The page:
If you type the word “expectations” into your search bar, the first suggestion that comes up is “expectations versus reality.” The search yields endless memes that attest to the vast discrepancy between what we expect the result of something to be and its actual result.
Many of these memes make use of comical, trivial examples. Yet behind these parodies of the “expectations versus reality” trope, there lies the reality of one of the most fundamental aspects of human emotion and experience: fear of disappointment.
The ubiquity of sayings like “Don’t count your chickens before they’re hatched” and “Remember not to get your hopes up!” not only reveal our fear of disappointment, but also our fear that disappointment is inevitable. We tell ourselves and are told by others that we shouldn’t have high expectations about that job we’re applying for, or that dream we have for the future, or that person we have a crush on, because if we have low expectations, we have a better chance of not being disappointed — of not being hurt.
It makes sense that these sayings exist; Being let down is one of the worst feelings in the world. When you’re looking forward to something or hoping something might turn out in a particular way and it doesn’t, you’re immediately struck by two related sensations: first, disappointment, and second, frustrated regret. “I’m so stupid for letting myself get my hopes up,” you might admonish yourself. “I should have known that it wouldn’t end up the way I was hoping it would.”
Preventing ourselves from getting our hopes up is, at its core, a sort of survival mechanism. To a certain degree, it’s also a necessary aspect of adulthood. As we grow up and gain experience and shed layers of naivete, we learn that we can’t expect everyone we meet to have our best interests at heart, that we can’t expect to succeed at everything we do and that life isn’t like the movies.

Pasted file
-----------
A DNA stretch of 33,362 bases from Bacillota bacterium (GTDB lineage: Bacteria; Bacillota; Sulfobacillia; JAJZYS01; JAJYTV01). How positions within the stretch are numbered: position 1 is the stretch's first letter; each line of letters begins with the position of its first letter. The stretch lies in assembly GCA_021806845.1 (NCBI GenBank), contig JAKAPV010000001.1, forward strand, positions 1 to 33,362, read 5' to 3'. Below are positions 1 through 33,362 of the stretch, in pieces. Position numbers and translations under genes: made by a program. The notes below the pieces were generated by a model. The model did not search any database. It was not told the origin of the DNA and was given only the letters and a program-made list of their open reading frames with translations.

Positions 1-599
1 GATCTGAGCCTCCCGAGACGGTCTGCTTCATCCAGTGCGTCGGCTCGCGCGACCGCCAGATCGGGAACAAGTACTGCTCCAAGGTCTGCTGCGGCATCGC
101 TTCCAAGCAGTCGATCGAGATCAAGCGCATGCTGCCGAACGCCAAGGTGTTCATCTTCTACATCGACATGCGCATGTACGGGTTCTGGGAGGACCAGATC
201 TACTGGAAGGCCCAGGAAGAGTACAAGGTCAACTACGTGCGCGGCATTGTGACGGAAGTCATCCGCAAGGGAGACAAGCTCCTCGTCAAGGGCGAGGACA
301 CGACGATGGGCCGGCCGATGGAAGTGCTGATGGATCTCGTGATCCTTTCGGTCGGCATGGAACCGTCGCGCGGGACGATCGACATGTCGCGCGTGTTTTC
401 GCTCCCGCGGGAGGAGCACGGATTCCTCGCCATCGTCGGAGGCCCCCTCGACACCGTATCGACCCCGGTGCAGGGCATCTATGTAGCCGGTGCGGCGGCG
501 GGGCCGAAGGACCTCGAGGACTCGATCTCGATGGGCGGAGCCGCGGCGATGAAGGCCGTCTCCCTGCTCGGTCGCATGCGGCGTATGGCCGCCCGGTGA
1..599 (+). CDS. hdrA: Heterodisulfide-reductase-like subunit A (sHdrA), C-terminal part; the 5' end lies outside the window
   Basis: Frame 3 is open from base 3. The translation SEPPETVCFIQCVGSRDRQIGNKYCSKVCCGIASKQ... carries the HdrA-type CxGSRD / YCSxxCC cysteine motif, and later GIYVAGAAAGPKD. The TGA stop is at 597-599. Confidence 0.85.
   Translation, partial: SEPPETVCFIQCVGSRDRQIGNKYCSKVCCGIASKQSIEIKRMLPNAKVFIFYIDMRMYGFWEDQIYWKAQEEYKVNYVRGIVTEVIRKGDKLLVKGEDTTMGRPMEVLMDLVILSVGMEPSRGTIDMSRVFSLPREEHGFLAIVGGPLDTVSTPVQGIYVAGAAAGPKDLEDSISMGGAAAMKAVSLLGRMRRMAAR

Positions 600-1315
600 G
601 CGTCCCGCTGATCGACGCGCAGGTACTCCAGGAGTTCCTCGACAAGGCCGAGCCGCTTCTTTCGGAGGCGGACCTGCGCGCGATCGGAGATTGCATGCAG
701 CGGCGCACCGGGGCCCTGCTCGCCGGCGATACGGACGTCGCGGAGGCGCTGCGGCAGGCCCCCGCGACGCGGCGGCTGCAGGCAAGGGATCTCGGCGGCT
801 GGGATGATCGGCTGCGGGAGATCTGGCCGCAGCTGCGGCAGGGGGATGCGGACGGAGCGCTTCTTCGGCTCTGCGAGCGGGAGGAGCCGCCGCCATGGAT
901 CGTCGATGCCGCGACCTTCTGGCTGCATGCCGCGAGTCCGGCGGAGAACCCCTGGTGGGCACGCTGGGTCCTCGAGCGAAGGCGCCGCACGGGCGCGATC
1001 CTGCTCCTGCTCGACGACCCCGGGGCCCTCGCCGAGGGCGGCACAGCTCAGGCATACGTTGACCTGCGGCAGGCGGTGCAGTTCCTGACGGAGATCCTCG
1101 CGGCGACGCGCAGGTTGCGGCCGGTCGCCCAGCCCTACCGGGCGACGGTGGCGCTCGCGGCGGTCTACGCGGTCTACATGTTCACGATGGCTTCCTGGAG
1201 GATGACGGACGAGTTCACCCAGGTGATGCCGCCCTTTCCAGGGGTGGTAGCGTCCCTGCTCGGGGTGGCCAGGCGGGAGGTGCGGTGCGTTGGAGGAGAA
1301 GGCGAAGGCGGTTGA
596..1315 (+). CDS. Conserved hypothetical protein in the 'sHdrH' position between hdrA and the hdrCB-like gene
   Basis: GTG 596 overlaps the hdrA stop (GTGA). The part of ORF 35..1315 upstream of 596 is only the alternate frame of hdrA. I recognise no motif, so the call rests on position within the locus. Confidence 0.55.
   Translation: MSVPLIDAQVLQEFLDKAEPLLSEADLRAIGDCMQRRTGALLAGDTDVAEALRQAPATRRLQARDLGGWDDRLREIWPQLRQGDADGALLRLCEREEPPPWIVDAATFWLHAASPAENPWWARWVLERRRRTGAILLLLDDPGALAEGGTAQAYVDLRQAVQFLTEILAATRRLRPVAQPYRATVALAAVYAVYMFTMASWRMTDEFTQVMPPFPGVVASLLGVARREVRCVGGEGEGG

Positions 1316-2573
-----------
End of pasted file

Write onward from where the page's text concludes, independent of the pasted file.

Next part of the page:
Yet I would argue that wielding a safety blanket of low (or lowered) expectations can actually harm us. We should be wary of accepting a below-standard status quo and selling ourselves short, particularly in regard to friendships and romantic relationships.
I’d be willing to bet that, as college students, many of us have received a text a couple of hours before some prearranged plan with a friend: “Sorry, can’t make it — too much work” (or some other fill-in-the-blank excuse). I’d also be willing to bet that, at some point, many of us have been in relationships — both platonic and romantic — where we felt like we put in 80 percent of the effort and the other person put in 20 percent.
Of course, sometimes we really are bogged down with work and have to back out on plans we made earlier. And, of course, part of being a good friend is understanding that things come up and not holding it against the other person. Furthermore, we have different levels of expectations for different people and different types of relationships.
But if we notice that someone is constantly lowering our expectations, constantly letting us down, then we need to address that. If relationships do not meet the threshold level of our expectations, we should be unafraid to break them off — or to ask for a change.
There is a way in which being a college student — being a Penn student — both lets others make excuses and lets us make excuses for others. After all, we’re all busy. We all have things to do.
We cite the omnipresence of pre-professionalism and competition and networking as a reason why we can’t develop deep friendships. We cite the hook-up and party culture as the reason why we can’t find viable partners or form significant romantic relationships. We allow college to lower our expectations about and standards for our relationships so that we won’t be disappointed by them.
But we shouldn’t. We should not feel absurd for expecting our friends or significant others to show up when they said they would. We should not feel out of line for speaking up if we are unhappy with how things are going or how we are being treated. We should not feel ashamed to ask for respect and kindness and thoughtfulness in our relationships — or, indeed, to make our relationships conditional upon these standards.
Maybe this whole article is me having high expectations. Yet how will our expectations ever be met if we aren’t willing to articulate them — if we aren’t willing to stand by them? And, of course, there’s the chance that all along we’ve been conflating “high expectations” and “high standards” with what should be the most basic and fundamental expectations for every relationship.
EMILY HOEVEN is a College senior from Fremont, Calif., studying English. Her email address is firstname.lastname@example.org. “Growing Pains” usually appears every other Tuesday.
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